The latest EFC survey numbers are in and they aren’t pretty. Canada is increasingly trending towards secularism. This is probably not a surprise to many. I remember reading a blog by John Stackhouse in reference to the 2011 Statistics Canada census data. He made the observation that, as piety in Canada has evaporated, Canadians have raced the Dutch for the fastest de-Christianization since the French Revolution. It’s a pan-Canadian quiet revolution as older people slowly but surely abandon Christian identity while an increasing number of younger people have never known the inside of a church and are in no hurry to see it.
To me this development signals the great need not only for evangelism, but also to re-think our evangelistic understanding. Changes in our cultural context don’t mean we should give up on evangelism. Indeed, the mission of God is evangelistic by nature, to abandon evangelism is to abandon that mission. Bosch makes the point in this way, “I have called evangelism the ‘heart’ of mission. If you cut the heart out of a body, that body becomes a corpse. With evangelism cut out, mission dies; it ceases to be mission.”
The problem with our evangelism efforts – though some may argue that there has been very little effort and wouldn’t be far off the mark! – is that the evangelism we conceive of when we hear that term was shaped by the imagination of Christendom. John Bowen notes that the word “evangelism” was coined in the sixteenth century and “the first reference to it in the writings, not of a theologian, nor even an evangelist, but of Francis Bacon, one of the inventors of the scientific method. That alone should be a clue to the fact that maybe ‘evangelism’ is due for an overhaul.”
Our failure to reflect well theologically upon what is arguably most important to the Mission of God, has resulted in an ever-decreasing engagement with evangelism by younger generations as the old paradigm of evangelism becomes increasingly irrelevant and disconnected from the secular world we now inhabit. It does not help that they encounter the sense that, for many in older generations, the means of evangelism have become as sacred, if not more so, than the evangel itself.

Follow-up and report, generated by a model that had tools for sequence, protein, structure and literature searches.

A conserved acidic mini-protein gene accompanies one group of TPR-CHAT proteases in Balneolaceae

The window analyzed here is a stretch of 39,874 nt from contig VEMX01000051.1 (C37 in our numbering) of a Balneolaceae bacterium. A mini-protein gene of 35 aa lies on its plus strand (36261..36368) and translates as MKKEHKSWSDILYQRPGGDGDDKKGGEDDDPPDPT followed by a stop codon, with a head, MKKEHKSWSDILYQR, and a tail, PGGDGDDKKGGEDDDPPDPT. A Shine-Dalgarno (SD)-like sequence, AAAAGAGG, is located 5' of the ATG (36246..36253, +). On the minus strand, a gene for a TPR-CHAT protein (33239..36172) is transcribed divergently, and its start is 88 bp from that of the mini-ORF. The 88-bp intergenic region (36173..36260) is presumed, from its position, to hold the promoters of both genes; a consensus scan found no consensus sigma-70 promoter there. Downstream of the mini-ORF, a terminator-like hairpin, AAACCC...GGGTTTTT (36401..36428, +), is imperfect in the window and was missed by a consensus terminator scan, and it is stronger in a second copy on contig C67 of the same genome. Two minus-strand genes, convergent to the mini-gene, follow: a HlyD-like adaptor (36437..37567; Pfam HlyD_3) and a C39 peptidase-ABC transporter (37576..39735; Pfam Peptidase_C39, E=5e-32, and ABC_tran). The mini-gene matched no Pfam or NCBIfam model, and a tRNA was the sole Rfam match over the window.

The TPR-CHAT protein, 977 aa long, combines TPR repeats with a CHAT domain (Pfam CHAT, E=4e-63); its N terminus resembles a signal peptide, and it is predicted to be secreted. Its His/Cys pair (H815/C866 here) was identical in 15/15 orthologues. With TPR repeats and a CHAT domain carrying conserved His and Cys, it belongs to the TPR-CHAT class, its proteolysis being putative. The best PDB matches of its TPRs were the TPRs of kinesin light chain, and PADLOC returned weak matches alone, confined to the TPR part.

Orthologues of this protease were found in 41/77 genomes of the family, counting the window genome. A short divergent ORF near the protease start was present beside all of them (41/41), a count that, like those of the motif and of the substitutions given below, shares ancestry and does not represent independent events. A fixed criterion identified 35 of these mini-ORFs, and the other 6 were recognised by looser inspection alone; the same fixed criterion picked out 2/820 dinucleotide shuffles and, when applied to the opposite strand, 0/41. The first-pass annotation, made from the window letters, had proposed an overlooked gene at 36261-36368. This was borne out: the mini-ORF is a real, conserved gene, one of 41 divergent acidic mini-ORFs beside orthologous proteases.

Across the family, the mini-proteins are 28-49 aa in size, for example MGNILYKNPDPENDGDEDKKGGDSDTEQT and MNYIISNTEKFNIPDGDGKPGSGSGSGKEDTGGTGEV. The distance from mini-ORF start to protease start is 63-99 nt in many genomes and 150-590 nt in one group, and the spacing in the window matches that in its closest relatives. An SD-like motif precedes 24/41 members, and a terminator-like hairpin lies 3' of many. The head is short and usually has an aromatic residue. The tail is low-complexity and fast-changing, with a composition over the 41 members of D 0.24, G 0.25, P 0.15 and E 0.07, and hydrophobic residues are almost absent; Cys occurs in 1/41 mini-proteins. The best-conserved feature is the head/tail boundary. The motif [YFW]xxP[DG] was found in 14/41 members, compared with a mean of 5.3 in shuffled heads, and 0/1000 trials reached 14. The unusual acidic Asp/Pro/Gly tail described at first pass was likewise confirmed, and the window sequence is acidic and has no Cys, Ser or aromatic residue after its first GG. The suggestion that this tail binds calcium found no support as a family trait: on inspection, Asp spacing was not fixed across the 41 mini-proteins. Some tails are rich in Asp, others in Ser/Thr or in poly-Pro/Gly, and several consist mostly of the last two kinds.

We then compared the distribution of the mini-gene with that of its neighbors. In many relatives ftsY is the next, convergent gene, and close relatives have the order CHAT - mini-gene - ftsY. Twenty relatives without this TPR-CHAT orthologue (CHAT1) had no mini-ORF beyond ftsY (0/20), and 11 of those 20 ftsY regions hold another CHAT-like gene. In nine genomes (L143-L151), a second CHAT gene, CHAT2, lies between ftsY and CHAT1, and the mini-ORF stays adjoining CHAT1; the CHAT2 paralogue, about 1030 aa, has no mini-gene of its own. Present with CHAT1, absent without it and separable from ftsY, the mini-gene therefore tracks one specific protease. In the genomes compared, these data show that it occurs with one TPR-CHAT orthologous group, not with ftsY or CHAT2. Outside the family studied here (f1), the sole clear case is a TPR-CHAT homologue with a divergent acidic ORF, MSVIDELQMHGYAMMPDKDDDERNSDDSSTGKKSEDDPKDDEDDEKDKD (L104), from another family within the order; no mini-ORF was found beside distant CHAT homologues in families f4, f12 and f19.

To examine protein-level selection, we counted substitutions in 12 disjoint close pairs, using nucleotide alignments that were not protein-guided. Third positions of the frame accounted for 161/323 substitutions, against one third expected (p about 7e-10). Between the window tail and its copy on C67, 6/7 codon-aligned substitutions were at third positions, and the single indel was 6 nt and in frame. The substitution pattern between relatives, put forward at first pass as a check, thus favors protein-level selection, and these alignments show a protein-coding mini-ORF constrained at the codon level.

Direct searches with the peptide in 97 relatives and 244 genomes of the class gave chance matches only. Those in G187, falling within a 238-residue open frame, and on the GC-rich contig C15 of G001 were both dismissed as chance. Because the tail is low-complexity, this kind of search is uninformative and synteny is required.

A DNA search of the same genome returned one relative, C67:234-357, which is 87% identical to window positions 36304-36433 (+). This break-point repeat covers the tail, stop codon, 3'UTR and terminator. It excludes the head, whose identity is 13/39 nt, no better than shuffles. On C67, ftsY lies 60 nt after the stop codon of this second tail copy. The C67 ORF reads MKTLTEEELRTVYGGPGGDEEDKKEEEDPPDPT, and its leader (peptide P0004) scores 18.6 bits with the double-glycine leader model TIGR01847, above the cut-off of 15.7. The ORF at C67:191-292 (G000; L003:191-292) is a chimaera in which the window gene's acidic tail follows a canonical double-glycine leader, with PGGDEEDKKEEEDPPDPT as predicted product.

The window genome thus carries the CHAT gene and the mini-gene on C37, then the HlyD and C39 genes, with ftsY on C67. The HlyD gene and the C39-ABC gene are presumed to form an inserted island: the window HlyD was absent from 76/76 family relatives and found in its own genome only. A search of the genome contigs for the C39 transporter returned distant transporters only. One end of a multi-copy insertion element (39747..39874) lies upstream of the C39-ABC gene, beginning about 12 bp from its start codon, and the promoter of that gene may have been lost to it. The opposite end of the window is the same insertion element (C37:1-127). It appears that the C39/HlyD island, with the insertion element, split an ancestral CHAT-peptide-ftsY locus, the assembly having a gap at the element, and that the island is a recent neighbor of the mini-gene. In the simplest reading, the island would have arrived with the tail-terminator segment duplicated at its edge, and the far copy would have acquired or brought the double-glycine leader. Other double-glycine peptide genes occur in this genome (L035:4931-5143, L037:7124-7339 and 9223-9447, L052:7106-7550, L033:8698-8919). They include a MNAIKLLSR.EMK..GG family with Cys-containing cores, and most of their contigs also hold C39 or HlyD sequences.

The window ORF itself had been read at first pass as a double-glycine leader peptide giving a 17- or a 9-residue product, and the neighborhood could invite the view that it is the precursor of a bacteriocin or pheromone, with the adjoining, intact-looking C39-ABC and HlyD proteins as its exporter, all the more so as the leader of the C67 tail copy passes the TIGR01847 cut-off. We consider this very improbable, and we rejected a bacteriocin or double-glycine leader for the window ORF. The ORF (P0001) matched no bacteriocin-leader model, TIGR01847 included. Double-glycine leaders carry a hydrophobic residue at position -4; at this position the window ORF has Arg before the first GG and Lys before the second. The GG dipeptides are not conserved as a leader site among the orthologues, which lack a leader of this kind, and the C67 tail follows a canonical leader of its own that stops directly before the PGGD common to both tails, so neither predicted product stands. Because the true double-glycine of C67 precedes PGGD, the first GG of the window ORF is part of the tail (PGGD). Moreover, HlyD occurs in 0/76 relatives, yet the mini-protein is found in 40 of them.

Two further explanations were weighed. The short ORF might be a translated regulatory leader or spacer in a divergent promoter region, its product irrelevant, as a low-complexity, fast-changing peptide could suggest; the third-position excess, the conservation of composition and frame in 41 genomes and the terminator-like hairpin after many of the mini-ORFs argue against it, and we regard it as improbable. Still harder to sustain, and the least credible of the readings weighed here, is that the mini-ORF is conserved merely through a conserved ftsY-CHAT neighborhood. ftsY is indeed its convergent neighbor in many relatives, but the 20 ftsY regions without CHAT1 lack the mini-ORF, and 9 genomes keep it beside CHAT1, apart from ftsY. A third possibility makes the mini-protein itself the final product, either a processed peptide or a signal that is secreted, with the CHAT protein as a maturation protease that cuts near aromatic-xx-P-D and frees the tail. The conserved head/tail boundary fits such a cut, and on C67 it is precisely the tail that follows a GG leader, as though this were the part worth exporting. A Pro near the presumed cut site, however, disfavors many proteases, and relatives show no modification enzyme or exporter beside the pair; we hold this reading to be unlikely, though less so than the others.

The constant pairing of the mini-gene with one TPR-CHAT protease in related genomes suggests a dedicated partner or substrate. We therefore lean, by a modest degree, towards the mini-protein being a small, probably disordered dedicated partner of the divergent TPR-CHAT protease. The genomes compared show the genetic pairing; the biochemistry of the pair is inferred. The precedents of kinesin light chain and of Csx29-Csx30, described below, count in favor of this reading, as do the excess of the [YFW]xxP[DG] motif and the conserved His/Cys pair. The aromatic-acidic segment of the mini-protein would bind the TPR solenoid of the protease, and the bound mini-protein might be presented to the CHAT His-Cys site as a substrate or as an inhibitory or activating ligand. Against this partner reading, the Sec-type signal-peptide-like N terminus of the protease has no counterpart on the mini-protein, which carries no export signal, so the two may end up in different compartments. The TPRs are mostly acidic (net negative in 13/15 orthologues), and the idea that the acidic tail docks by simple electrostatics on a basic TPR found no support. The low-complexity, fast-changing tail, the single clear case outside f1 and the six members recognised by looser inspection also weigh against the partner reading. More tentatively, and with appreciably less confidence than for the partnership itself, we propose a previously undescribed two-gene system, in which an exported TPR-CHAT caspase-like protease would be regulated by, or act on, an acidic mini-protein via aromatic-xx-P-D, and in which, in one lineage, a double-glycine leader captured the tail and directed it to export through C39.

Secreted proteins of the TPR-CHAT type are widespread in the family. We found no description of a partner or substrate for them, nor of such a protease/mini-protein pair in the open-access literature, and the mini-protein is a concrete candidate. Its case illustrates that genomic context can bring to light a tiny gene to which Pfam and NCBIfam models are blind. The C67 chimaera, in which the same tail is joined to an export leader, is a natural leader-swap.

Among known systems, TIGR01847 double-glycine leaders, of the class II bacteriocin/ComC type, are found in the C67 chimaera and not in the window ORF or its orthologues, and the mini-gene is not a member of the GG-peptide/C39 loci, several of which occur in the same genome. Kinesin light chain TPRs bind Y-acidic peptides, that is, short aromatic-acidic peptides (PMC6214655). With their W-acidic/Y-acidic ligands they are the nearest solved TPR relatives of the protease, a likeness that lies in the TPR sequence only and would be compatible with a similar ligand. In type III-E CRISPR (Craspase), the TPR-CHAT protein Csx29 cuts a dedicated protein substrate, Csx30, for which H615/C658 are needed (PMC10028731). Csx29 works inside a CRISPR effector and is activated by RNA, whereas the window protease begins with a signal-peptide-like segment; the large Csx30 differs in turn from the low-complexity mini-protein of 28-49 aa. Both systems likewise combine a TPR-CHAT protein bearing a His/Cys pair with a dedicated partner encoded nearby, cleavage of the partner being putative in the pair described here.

So where should we start when trying to think (or re-think) about evangelism? As with the mission, evangelism starts with God. Our God is an evangelistic God. Evangelism’s focus needs to repent from its anthropocentricity! Evangelism is not first about getting people into heaven. Getting them saved is something we can’t do in any case since saving people is exclusive to God. It is first about faithfully incarnating the evangelistic nature of God Himself. The fruit from our evangelistic faithfulness is God’s prerogative.
If God is to be known, if His glory is to cover the earth as the waters cover the sea, then giving up on evangelism is not even an option. We must evangelize! But we must do it as God does it, imitating God in our means and motivated by His own evangelistic motivation.
Evangelism will look different in a post-Christendom, secularized society but Forge Canada is not giving up on evangelism. No doubt it will be harder and messier than in times past, but evangelism is non-optional. It is intrinsic to the mission to which the church has been called.
 Bosch, “Evangelism: Theological Currents and Cross-Currents Today,” 10.
 Bowen, Evangelism for Normal People, 13.